Hands-on Middle School Students Test Environmental Health of Washington Waterway
More than a field trip, more than your average science project, participation in the Nisqually River Education Project, conducted by Joy Roth’s middle school class at Washington Virtual Academy (WAVA), is making a difference in the health of the environment in the Great Northwest.
“The project is significant in giving students the opportunity to make a difference in our community,” says Roth, who has supervised the effort for five years. “The Pacific salmon are so important to all of us and WAVA’s students work in the field, testing water quality of the Nisqually River to help protect those salmon.”
WAVA, a K12 school, takes part in the study along with schools all along the Nisqually from Mount Rainier to the Puget Sound.
This year, six of Roth’s students participated, using a scientific method to conduct tests for pH, turbidity, nitrates, and dissolved oxygen in Yelm, Washington, on the Nisqually Indian Reservation. Tests are conducted in February and October, with data sent to the Washington Department of Ecology, Nisqually Native Fisheries, and other agencies that monitor the river for health or “hot spots.”
“It’s science in action,” Roth says. “During our tests, the students are using the scientific method to test river water. Then, to figure out if their results are accurate and meaningful, that’s where their math skills come in.”
The students, guided by Roth and marine biology specialist Sharon Rasmussen (a former WAVA teacher), also prepared a PowerPoint presentation for “Student Green Congress” at Evergreen State College (Olympia) on March 20, sharing their findings with other schools and developing a call to action for issues needing immediate attention.
“Our water, this year, was totally fine,” observes sixth grader Tim T. “But there are a lot of aspects to the water to consider, which led to ideas (at Student Congress). Not every project is doable. Not everyone can fix every single car (to prevent oil runoff), but our idea concerning pet waste is very doable. It doesn’t take a genius or a lot of effort for people to clean up after their pets.”
“I think it’s really cool that students are making an impact because of the importance of getting rid of waste and awareness that can help us reduce pollution.”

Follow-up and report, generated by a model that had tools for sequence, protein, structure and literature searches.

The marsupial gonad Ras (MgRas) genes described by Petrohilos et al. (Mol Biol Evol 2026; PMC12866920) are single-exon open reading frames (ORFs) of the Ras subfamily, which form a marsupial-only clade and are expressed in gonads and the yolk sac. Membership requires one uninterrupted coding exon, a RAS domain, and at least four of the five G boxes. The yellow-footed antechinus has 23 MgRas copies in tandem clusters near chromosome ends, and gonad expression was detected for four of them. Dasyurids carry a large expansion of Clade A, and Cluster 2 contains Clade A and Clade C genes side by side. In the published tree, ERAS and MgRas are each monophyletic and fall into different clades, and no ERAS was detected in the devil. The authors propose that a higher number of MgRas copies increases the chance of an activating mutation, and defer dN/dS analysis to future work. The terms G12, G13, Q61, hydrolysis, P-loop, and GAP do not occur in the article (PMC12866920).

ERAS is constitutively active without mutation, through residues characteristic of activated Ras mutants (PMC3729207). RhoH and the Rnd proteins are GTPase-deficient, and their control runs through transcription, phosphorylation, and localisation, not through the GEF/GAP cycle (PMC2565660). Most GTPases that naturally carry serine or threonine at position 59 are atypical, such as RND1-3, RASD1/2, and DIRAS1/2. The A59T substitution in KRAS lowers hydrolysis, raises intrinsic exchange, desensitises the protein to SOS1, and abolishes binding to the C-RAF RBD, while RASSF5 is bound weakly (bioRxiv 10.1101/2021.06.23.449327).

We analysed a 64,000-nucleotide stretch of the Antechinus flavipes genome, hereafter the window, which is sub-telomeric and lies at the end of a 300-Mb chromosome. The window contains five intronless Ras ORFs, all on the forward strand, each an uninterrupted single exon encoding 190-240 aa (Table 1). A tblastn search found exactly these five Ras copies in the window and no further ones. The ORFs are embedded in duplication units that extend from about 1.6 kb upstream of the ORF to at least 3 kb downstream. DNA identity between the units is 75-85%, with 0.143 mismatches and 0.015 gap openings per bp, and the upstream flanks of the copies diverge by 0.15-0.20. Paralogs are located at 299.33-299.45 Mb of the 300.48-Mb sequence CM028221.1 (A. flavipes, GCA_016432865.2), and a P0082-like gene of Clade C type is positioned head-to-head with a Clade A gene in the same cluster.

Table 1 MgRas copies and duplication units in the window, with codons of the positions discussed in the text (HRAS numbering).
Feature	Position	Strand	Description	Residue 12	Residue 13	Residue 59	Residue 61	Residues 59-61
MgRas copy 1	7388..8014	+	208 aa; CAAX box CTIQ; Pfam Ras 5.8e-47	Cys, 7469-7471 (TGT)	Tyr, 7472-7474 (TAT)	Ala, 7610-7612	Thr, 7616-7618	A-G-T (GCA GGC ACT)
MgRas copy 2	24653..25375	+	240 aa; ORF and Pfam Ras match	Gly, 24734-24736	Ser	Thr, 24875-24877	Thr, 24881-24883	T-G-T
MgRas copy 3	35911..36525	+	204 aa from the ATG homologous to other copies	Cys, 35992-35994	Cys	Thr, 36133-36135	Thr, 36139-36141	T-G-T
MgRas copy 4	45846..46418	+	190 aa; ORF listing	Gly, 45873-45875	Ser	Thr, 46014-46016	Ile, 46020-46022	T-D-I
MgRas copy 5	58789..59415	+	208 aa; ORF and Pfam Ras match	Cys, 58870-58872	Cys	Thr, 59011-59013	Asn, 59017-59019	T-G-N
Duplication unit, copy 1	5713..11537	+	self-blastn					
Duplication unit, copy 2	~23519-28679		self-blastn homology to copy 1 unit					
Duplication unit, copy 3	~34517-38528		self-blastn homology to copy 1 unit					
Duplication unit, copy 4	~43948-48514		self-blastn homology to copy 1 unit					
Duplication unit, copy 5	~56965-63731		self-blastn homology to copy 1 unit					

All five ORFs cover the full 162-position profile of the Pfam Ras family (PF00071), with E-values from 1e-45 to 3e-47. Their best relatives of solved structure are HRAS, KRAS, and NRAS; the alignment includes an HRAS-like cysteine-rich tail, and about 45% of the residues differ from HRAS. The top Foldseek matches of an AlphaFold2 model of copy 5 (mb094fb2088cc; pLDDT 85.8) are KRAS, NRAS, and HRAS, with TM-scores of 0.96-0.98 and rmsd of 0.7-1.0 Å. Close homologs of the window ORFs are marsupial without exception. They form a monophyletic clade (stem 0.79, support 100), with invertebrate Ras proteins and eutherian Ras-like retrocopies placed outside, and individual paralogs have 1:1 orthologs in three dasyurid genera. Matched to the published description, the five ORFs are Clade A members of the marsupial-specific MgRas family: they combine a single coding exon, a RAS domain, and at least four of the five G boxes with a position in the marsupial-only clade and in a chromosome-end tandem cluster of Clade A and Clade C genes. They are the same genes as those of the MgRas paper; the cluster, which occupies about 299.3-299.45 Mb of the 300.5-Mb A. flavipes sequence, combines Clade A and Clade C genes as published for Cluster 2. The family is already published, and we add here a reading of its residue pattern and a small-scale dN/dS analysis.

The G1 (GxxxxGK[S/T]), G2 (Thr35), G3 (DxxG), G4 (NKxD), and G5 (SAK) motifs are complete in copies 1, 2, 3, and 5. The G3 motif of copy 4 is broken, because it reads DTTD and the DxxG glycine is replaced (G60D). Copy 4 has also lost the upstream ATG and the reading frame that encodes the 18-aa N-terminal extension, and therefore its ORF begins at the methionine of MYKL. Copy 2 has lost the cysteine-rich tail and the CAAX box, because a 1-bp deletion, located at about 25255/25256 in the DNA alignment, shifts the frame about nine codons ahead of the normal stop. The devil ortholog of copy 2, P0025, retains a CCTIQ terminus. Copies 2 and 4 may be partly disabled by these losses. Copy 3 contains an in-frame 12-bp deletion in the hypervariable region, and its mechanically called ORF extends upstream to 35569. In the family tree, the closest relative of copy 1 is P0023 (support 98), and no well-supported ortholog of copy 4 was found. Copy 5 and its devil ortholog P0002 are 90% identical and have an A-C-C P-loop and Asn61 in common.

WAVA classmate Sofia A. agrees that awareness of pollutants in and around the river can make a dramatic impact on the quality of life in the region.
“We’ve learned how to keep track of what’s in water and how to keep bad pollutants out to help the environment,” she says. “It may be as easy as picking up trash around the edge of a lake.”
WAVA’s education and Roth’s commitment extend beyond gathering and testing water samples. During the past five years, her students have planted close to 100 Douglas fir trees along the Nisqually River shoreline to help control temperatures.
Additionally, those participating in the Student Congress had the opportunity to take part in programs ranging from live bird symposiums to musical presentations to the dissection of a salmon.
“Being part of the Nisqually Rivershed Project has given our students so many opportunities,” Roth says. “The opportunity to use their science and math Skills in a meaningful way, the opportunity to go to Evergreen College and present what they have learned with other students, and most of all, the opportunity to help protect the salmon.”
“This is especially important to middle school students who are trying to figure out who they are and how they can be a part of a community. The hands-on application of science and math is what makes the connections ‘come alive.’ They never forget the lessons they learn.”
Environmental health is just one of many topics students discover at WAVA and other K12 schools, where online education truly goes hand-in-hand with hands-on experience. For more information visit K12.com, find a school and enroll, or sign up to receive free info.
Seth Livingstone is a veteran writer and editor who has spent much of his career in sports journalism covering multiple Olympic Games, Super Bowls, World Series, and Daytona 500s. He covered the Boston Red Sox throughout the 1980s and 1990s before joining USA Today and Baseball Weekly in 1999. He maintains his membership in the Baseball Writers Association of America and is a Hall of Fame voter. Seth holds a bachelor’s degree in journalism from Northeastern University and has also worked as a substitute teacher (all grades and subjects). He lives in Northern Virginia with his wife and has two grown children.